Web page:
Our prior studies demonstrated that non-toxic levels of external perturbation; i.e, subtoxic UVB irradiation, as well as ER stress itself increase Cer production, followed by the metabolic conversion of Cer to S1P leading to stimulation of CAMP production (Park et al., 2012; Uchida et al., 2010). In these studies, we show that RESV exploits this pathway by directly increasing cellular Cer levels. Pertinently, RESV increases catalytic activity, but not mRNA expression of serine palmitoyl transferase (SPT) (Scarlatti et al., 2003), the enzyme that catalyzes the initial step in de novo Cer synthesis. Since in the present study we also found that RESV did not stimulate mRNA levels for either SPT1 or SPT2 (not shown), RESV likely stimulates catalytic activity of SPT. Increased Cer then is followed by accelerated production of S1P with SPHK1, but not SPHK2, accounting for the enhanced metabolic conversion of sphingosine to S1P production by RESV. RESV like ER stressors appears to increase S1P production by stimulation of SPHK1 mRNA expression (Park et al., 2012). Finally, we demonstrated further that RESV upregulates CAMP production through the same S1P→NF-κB→C/EBPα mechanism that we recently characterized in epithelial cells, including both human and murine KC (Park et al., 2012) (Fig. 5).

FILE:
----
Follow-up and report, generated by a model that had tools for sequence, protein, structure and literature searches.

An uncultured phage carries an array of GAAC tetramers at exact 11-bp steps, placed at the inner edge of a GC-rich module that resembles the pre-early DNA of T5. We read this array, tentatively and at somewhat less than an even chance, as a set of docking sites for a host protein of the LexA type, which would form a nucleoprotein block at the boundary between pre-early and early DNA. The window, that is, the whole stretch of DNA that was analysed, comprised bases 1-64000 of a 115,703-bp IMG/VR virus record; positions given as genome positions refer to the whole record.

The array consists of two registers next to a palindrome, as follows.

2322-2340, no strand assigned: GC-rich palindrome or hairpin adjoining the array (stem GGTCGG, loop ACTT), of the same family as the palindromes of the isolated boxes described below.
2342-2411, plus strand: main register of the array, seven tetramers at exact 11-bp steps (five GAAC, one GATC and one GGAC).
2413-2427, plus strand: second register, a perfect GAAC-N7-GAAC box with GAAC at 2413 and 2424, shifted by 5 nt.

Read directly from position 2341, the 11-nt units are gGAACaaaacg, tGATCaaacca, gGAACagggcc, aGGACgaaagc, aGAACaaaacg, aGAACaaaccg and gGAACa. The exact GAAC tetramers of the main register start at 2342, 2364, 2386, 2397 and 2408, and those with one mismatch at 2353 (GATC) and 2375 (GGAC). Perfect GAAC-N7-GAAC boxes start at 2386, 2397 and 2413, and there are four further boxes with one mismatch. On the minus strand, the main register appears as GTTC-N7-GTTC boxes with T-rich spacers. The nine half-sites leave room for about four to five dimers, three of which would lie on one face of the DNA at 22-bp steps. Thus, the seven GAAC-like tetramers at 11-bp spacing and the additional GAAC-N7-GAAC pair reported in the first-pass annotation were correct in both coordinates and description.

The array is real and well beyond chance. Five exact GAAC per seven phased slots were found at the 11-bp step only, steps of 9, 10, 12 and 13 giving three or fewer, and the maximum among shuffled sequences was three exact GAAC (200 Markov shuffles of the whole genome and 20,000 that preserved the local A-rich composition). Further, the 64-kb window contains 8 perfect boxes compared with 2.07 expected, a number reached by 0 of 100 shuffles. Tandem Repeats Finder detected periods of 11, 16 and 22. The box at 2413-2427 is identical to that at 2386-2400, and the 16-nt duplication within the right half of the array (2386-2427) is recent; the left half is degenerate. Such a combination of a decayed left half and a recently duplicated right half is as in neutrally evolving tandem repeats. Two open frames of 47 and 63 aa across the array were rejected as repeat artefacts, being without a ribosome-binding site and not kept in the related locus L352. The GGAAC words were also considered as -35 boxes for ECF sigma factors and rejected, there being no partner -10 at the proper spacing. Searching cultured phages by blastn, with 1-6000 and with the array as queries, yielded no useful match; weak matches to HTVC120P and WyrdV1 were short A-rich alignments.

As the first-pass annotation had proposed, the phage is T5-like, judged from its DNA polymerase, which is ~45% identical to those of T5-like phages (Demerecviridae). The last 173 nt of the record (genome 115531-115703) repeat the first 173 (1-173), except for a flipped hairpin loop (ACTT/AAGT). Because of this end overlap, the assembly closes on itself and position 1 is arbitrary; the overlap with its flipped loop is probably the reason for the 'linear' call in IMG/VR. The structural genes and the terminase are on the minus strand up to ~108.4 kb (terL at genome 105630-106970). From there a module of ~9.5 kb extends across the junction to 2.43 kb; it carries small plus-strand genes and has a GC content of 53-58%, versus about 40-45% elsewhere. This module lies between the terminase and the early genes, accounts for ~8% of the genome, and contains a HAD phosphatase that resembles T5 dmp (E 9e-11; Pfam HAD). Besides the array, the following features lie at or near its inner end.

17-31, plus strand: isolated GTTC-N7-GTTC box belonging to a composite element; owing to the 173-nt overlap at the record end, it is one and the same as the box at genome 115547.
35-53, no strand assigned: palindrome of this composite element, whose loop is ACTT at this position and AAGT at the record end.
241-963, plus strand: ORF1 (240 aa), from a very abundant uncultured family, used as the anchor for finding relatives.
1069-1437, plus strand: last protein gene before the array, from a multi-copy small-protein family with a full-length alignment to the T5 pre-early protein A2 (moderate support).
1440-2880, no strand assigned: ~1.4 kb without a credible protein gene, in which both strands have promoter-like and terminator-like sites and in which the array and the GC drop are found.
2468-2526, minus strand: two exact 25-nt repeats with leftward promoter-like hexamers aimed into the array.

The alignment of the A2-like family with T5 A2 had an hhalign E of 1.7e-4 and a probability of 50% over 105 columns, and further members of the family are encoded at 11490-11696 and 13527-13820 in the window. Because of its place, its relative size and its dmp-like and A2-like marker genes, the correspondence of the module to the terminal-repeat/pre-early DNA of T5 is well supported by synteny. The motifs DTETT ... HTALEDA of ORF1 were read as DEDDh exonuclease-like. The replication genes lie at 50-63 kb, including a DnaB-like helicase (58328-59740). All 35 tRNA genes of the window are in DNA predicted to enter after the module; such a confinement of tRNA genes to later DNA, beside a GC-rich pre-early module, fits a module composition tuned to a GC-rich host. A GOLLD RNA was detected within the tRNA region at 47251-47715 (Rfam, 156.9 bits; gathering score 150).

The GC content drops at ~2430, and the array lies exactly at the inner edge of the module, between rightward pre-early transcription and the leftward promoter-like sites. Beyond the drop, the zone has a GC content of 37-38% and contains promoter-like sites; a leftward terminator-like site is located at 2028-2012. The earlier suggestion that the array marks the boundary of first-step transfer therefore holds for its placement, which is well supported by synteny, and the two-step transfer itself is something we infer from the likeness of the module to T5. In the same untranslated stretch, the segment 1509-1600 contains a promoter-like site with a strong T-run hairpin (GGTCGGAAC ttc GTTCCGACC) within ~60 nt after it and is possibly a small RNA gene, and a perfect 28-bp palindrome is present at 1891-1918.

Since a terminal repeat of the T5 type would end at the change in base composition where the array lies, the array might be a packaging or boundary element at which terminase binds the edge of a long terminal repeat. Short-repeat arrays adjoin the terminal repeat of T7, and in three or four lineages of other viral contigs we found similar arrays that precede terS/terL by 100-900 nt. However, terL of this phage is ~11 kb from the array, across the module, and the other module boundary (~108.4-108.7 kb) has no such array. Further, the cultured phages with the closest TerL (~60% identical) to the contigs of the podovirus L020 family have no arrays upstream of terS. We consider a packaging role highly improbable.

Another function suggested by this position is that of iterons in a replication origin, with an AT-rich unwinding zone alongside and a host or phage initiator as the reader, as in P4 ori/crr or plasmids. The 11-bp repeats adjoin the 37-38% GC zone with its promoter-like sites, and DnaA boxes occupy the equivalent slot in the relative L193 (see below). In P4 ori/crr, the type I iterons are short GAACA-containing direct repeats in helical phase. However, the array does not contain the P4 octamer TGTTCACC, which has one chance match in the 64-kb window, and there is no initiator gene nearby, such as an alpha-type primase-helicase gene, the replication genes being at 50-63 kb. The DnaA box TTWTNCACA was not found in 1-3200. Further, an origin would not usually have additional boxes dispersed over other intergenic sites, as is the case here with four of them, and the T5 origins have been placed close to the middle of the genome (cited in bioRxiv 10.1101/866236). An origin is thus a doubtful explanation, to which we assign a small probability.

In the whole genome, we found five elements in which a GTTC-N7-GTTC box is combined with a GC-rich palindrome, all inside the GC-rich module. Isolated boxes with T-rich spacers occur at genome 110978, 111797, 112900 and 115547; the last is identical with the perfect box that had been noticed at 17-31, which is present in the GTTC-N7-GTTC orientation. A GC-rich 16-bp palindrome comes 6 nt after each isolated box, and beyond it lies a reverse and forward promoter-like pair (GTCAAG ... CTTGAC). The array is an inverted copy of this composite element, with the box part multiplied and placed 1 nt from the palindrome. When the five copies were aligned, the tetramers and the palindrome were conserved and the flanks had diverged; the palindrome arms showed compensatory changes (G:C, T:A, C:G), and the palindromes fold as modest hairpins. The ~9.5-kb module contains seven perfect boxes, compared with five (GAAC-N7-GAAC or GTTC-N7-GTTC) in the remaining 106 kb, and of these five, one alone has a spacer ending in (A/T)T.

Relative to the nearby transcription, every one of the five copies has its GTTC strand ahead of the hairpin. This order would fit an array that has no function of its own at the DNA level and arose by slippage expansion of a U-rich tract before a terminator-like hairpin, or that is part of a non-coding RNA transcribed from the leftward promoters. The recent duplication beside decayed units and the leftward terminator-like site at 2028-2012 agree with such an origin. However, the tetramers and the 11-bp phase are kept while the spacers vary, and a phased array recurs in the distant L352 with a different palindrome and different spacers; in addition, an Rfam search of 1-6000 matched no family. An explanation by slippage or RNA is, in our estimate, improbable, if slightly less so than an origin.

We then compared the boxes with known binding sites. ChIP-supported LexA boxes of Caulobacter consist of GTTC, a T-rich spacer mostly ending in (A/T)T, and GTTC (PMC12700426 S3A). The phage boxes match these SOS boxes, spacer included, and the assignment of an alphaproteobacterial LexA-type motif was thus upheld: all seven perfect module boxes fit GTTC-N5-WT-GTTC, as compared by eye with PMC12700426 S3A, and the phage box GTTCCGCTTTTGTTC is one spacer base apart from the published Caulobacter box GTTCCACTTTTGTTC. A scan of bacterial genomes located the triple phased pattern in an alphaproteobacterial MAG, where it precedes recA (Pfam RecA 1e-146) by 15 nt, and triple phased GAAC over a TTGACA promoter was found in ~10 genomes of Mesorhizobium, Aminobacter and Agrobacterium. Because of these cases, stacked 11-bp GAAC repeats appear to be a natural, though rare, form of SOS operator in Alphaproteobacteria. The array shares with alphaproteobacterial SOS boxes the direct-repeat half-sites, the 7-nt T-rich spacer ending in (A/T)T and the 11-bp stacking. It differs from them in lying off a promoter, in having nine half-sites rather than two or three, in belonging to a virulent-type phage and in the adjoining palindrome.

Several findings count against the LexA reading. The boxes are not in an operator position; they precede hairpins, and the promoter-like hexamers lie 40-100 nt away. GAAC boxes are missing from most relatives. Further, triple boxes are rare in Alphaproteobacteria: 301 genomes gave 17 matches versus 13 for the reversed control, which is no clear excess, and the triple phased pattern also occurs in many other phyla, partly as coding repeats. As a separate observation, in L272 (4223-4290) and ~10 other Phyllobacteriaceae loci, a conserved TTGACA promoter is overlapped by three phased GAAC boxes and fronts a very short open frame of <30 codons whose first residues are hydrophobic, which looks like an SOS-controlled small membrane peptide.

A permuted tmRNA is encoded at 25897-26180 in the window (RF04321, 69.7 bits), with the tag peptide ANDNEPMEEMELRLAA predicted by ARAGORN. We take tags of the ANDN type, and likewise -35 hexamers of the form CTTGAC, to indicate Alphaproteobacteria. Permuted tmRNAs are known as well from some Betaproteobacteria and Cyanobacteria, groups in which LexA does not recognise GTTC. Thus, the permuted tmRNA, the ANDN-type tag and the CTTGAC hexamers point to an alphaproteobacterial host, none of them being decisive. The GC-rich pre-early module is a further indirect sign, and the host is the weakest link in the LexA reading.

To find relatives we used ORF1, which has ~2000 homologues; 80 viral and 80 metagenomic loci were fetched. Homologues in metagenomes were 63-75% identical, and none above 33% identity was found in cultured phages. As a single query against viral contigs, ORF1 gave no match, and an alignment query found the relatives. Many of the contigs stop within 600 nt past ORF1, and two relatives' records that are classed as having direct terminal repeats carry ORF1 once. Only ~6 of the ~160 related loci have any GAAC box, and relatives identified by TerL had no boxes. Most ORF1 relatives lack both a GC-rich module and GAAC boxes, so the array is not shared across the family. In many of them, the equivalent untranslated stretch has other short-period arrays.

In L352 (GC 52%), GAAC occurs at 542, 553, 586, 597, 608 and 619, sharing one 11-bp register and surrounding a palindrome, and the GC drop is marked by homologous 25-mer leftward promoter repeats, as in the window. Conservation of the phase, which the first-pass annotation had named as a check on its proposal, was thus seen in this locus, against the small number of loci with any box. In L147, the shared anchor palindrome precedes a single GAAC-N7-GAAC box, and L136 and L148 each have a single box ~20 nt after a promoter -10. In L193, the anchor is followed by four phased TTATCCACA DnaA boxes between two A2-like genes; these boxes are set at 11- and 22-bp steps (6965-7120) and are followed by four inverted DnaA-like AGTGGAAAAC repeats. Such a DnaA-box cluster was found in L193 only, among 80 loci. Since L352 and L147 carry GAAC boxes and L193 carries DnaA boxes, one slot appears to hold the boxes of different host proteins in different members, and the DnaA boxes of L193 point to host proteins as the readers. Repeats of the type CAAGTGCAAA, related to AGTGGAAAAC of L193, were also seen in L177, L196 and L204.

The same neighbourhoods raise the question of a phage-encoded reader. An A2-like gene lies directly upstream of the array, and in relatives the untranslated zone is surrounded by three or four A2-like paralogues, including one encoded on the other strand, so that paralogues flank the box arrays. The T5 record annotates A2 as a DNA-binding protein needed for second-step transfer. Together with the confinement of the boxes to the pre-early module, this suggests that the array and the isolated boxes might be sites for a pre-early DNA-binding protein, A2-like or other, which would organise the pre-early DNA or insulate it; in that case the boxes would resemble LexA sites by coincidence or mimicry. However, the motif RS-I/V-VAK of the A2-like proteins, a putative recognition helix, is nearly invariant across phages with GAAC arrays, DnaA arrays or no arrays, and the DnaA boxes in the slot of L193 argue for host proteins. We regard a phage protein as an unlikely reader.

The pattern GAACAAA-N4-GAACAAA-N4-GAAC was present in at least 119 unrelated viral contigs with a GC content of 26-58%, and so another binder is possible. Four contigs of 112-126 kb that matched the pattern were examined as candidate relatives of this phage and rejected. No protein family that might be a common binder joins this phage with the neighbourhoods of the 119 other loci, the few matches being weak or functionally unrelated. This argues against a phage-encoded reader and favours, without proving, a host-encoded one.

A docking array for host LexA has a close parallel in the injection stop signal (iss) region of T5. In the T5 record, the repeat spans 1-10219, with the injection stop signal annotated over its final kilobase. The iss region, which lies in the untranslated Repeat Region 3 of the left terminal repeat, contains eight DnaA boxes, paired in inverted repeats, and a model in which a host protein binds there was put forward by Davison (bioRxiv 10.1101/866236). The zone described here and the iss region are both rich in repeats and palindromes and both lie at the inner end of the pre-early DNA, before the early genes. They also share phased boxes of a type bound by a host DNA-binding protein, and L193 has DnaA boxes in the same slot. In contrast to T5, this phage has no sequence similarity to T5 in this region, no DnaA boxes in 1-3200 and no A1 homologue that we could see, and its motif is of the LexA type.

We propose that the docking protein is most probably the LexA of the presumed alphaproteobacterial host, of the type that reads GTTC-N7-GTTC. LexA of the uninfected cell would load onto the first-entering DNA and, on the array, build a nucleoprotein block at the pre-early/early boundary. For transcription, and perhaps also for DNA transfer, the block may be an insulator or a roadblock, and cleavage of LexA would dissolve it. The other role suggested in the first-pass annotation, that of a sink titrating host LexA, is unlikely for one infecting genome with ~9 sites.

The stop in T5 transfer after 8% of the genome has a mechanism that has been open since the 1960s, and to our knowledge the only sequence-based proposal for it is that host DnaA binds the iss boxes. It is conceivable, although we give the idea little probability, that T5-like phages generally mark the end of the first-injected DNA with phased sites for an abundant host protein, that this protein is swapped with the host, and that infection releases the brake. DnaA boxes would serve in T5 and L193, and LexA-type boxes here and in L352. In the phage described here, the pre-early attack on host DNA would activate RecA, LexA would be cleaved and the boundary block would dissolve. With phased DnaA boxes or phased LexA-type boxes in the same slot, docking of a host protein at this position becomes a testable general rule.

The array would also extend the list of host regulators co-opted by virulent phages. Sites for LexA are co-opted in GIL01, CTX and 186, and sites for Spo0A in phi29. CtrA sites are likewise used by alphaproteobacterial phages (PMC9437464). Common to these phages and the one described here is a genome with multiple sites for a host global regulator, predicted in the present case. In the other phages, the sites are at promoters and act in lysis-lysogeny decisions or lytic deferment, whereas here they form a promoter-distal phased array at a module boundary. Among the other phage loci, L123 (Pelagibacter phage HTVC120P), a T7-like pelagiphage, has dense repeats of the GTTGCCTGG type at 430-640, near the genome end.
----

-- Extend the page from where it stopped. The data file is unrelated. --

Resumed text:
To assess the potential relevance of these findings, we then showed that the RESV-induced increase CAMP production enhances antimicrobial defense both (in cultured KC) and murine skin exposed to exogenous S. aureus. Yet, stilbene derivatives, including RESV, display direct antimicrobial activity against pathogens, such as S. aureus, Enterococcus faecalis, and Psedomonas aeruginosa (Chan, 2002). Moreover, the sphingoid base itself is a potent antimicrobial cationic lipid (Bibel et al., 1992). However, we showed that inhibition of S1P production attenuates antimicrobial activity against S. aureus (Fig. 4). Hence, increased CAMP by RESV stimulation of S1P production likely accounts for enhanced antimicrobial defense in KC.